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SPICE Up Your Holiday Meals

The holiday season is upon us and that means many of us will be spending more time in the kitchen.

Add that extra-special touch...experiment with a variety of seasonal spices for your holiday meals. And, enjoy the flavors as the aromatic scents fill your home.

Add that extra-special touch…experiment with a variety of seasonal spices for your holiday meals. And, enjoy the flavors as the aromatic scents fill your home.

If you would like to make an impression with a less-than-ordinary meal, use traditional family dishes as a starting point for your special menu, then add seasonal spices to easy-to-prepare dishes to create a holiday feast that your family and friends will talk about for weeks. 

Spices are native to warm, tropical climates and are obtained from roots, flowers, fruits, seeds, or bark.  Adding “holiday” spices to your recipes will add just the right amount of Christmas charm along with a rich, warm flavor and aroma that enhances many dishes.

Spices do come with some health benefits, the greatest being that spices serve as flavorful alternatives to salt, fat, and sugar without adding any extra calories to meals. Instead of adding sugar to oatmeal, sweet potatoes, and desserts, try adding spices like cinnamon and allspice. For savory meals, replace salt with spices like black pepper, cumin, and dill seed. Try flavoring foods with spices instead of using breading, gravies, and sauces. Seasoning meats with spices and cooking them on the grill are healthy alternatives to frying and easy, flavorful ways to reduce fat intake. Adopting changes like these can help reduce sodium, fat, and sugar in your diet.

How long will these spices last in your kitchen?  Dried spices never actually spoil, but their flavor and aroma fade over time. They should be stored in a cool, dry place in tight containers and away from heat. When cooking, keep the container away from steaming pots to avoid exposure to moisture. Ground spices, such as paprika, cinnamon, and nutmeg, can be kept for 2–3 years. Cinnamon sticks, peppercorns, and any other whole spices can be used for up to 5 years.  Always start with small amounts of spices. When adding spices to foods that are served cold, it is important to refrigerate the food for a few hours to ensure that the flavors of the spices are well absorbed.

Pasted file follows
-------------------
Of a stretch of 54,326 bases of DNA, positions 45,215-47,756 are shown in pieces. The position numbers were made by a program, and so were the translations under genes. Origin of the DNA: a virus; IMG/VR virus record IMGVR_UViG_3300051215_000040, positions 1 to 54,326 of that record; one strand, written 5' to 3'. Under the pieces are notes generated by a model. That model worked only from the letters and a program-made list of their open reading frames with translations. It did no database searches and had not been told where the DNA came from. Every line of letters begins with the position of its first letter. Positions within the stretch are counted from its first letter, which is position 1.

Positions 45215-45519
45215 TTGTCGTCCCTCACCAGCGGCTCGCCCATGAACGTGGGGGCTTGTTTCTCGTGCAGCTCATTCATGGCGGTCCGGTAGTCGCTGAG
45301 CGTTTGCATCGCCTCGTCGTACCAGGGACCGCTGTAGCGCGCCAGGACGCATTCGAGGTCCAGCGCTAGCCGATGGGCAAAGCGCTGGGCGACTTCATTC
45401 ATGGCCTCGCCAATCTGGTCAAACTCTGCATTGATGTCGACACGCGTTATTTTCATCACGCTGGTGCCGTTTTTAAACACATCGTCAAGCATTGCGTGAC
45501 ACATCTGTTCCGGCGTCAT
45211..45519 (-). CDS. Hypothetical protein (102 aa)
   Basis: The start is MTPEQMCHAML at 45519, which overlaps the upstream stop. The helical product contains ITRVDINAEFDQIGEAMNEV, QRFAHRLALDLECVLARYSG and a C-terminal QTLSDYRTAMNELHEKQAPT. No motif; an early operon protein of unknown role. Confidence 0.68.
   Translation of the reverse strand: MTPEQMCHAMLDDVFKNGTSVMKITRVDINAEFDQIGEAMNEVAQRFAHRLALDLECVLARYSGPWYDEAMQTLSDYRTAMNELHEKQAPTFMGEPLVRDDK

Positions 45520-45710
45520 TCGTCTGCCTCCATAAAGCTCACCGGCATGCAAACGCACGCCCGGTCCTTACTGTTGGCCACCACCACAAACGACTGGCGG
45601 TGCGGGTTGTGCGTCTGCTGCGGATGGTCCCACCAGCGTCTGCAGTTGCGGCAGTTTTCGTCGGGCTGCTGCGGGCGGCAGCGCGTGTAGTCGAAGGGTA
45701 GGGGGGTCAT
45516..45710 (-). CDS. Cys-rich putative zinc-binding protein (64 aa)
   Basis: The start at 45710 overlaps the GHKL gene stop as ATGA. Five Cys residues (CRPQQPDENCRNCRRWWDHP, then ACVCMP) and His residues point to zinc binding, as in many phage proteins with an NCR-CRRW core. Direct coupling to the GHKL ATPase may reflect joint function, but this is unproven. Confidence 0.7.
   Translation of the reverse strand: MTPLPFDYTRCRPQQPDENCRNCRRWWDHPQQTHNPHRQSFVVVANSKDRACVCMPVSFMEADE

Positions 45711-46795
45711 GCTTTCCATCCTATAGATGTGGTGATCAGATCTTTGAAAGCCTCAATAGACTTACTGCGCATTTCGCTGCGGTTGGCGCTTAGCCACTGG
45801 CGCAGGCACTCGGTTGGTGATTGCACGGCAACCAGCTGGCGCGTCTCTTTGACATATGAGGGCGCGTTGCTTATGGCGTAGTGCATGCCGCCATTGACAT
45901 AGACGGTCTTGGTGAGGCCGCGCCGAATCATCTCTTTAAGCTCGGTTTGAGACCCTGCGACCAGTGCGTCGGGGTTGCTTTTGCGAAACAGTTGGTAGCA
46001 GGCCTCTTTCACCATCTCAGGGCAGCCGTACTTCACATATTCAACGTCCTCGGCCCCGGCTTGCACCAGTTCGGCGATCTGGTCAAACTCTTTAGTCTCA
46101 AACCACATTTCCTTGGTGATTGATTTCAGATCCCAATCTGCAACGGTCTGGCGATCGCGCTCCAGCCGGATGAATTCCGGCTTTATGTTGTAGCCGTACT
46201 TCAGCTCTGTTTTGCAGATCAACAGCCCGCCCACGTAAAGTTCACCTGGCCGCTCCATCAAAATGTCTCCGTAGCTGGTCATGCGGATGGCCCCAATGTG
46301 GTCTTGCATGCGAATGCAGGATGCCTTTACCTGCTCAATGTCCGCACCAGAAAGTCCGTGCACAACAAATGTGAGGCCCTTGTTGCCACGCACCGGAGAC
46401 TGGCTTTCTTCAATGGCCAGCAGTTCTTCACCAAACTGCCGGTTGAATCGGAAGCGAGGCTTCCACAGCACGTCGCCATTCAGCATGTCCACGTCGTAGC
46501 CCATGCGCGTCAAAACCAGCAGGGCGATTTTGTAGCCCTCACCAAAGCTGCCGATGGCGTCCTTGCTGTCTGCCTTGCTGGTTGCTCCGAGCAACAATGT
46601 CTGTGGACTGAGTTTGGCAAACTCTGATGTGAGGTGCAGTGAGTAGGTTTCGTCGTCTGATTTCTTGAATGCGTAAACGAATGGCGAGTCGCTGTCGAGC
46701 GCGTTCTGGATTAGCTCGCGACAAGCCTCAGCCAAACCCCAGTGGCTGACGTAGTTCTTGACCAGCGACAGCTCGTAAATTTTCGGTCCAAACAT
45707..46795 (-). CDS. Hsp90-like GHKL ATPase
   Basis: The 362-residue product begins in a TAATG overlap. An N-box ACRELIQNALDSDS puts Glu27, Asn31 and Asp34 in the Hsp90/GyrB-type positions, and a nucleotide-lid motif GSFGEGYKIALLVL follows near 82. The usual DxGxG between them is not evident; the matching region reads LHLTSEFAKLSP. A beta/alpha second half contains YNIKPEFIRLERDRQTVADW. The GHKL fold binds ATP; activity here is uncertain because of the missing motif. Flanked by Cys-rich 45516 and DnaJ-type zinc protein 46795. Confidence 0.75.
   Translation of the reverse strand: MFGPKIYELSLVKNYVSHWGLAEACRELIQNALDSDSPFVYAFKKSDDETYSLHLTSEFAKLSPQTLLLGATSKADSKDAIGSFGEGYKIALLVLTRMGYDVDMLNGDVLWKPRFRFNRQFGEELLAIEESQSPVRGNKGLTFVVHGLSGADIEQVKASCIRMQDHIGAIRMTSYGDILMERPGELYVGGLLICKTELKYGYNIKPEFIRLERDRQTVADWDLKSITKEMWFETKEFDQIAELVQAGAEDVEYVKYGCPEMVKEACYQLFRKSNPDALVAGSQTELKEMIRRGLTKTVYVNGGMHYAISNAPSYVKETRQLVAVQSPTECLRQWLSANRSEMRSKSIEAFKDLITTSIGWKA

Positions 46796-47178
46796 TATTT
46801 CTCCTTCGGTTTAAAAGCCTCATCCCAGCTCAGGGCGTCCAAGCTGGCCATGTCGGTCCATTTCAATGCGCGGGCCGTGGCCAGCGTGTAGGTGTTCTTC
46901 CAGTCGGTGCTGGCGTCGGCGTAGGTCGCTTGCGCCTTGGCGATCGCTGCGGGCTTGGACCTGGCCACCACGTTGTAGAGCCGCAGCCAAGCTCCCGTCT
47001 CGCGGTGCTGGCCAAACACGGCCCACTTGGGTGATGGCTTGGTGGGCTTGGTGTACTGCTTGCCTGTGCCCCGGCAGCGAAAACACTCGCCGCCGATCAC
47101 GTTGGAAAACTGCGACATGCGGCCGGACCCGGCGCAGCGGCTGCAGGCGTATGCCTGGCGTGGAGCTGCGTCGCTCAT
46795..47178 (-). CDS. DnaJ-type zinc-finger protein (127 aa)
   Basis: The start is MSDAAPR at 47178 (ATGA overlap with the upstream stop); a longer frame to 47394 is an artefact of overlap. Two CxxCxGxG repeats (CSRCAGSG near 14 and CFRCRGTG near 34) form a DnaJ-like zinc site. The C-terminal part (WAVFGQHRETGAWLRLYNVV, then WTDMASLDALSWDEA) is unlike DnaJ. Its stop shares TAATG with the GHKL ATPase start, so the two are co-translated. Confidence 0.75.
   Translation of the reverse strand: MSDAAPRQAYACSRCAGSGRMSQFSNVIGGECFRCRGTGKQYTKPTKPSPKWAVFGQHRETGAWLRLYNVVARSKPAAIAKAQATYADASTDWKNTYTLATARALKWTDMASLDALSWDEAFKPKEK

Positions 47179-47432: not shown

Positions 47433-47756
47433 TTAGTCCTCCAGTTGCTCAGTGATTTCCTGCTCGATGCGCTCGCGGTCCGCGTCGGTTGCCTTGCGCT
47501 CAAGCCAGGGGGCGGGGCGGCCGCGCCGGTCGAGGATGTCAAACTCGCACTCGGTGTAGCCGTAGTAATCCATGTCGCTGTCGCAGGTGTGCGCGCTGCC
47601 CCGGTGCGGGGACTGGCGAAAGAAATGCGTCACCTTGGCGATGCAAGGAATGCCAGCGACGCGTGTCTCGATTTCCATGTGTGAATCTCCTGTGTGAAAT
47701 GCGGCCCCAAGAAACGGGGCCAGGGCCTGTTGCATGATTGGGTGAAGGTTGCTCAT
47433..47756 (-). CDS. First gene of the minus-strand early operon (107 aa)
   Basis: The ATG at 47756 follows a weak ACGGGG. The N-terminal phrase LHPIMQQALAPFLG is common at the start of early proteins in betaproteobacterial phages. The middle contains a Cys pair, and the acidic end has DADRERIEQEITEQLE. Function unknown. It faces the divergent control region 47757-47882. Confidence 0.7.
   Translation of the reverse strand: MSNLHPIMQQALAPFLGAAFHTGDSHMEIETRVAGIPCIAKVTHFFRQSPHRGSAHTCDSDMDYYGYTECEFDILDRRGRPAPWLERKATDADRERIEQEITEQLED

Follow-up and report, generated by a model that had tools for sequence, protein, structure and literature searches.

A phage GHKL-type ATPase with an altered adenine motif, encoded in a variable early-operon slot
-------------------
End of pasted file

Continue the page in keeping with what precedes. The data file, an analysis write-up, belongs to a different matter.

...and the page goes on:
Now you know using spices is a great way to reduce sodium, sugar, and fat in your diet while adding bold new flavors. It’s a good idea to plan your meals before going to the grocery store so you know which spices you will need. Use the advice above to keep seasonings fresh and flavorful. The examples listed above are just a snapshot of possible uses, so be creative! Follow these tips, and you will spice up your cooking in no time.

Here are few of the traditional holiday spices you may want to try this season:




Best used

Pair with


Dried bark of the cinnamon tree

Pungently sweet

Dried sticks or ground powder

Breads, cakes, chicken, coffee, cookies, pork, spiced beverages, sweet potatoes, squash, tea, yogurt (often paired with allspice, cloves, and nutmeg)


Seeds of the nutmeg tree

Warm, spicy, sweet

Freshly ground

Applesauce, baked goods, beverages, cheese dishes, cream dishes, desserts, ground meats, pies, sauces, soups, stews, and many vegetables


Roots of the ginger plant

Mix of pepper and sweetness

Dried powder or freshly grated from root

Beets, beverages, breads, cakes, cheese dishes, chutneys, cookies, curries, dipping sauce, dressings, meat, poultry, soups, stews, and yellow vegetables


Dried flower buds of the clover tree

Sweet or bittersweet

Dried and ground

Baked goods, beets, chili sauces, cookies, curries, fruit sauces/syrups, gingerbread, squash, and tomato sauces


Dried unripe berry of the Pimenta dioica plant (a tropical evergreen tree)

Pungent and fragrant (ground allspice releases aromatic notes reminiscent of cinnamon, nutmeg, and cloves)

Dried, ground, and fresh leaves

Meats, jerk seasoning paste,  marinades for chicken and pork, stews, roasts, soups, barbecue and tomato sauces, roasted vegetables, rice, applesauce, fruit compote, oatmeal cookies

Be sure to add this spiced tea to your holiday table.  Enjoy and Happy Holidays!

Mulled Holiday Tea


3 quarts simmering water

3 red fruit tea bags

3 regular tea bags

1 orange, cut in quarters and studded with 4 whole cloves

1 lemon, cut in quarters

1/2 cup fresh cranberries

2 cinnamon sticks


1. Simmer water in a large pot on the stove.

2. Add all ingredients and turn the heat to low.

3. Heat for a few minutes until the tea is steeped.

4. Remove the tea bags.

5. Serve hot to your guests.


Serves 12. Each 1 cup serving: 2 calories, 0g fat, 0g saturated fat, 0g trans-fat, 0mg cholesterol, 10mg sodium, 0g carbohydrate, 0g fiber, 0g sugars, 0g protein

Source:  Shopping for Health: Herbs and Spices, J. Norris, W. Dahl, University of Florida/IFAS Extension.


Author: Melanie Taylor – metaylor@ufl.edu

Living Well in the Panhandle

Permanent link to this article: http://jefferson.ifas.ufl.edu/newsletters/2013/12/18/spice-up-your-holiday-meals/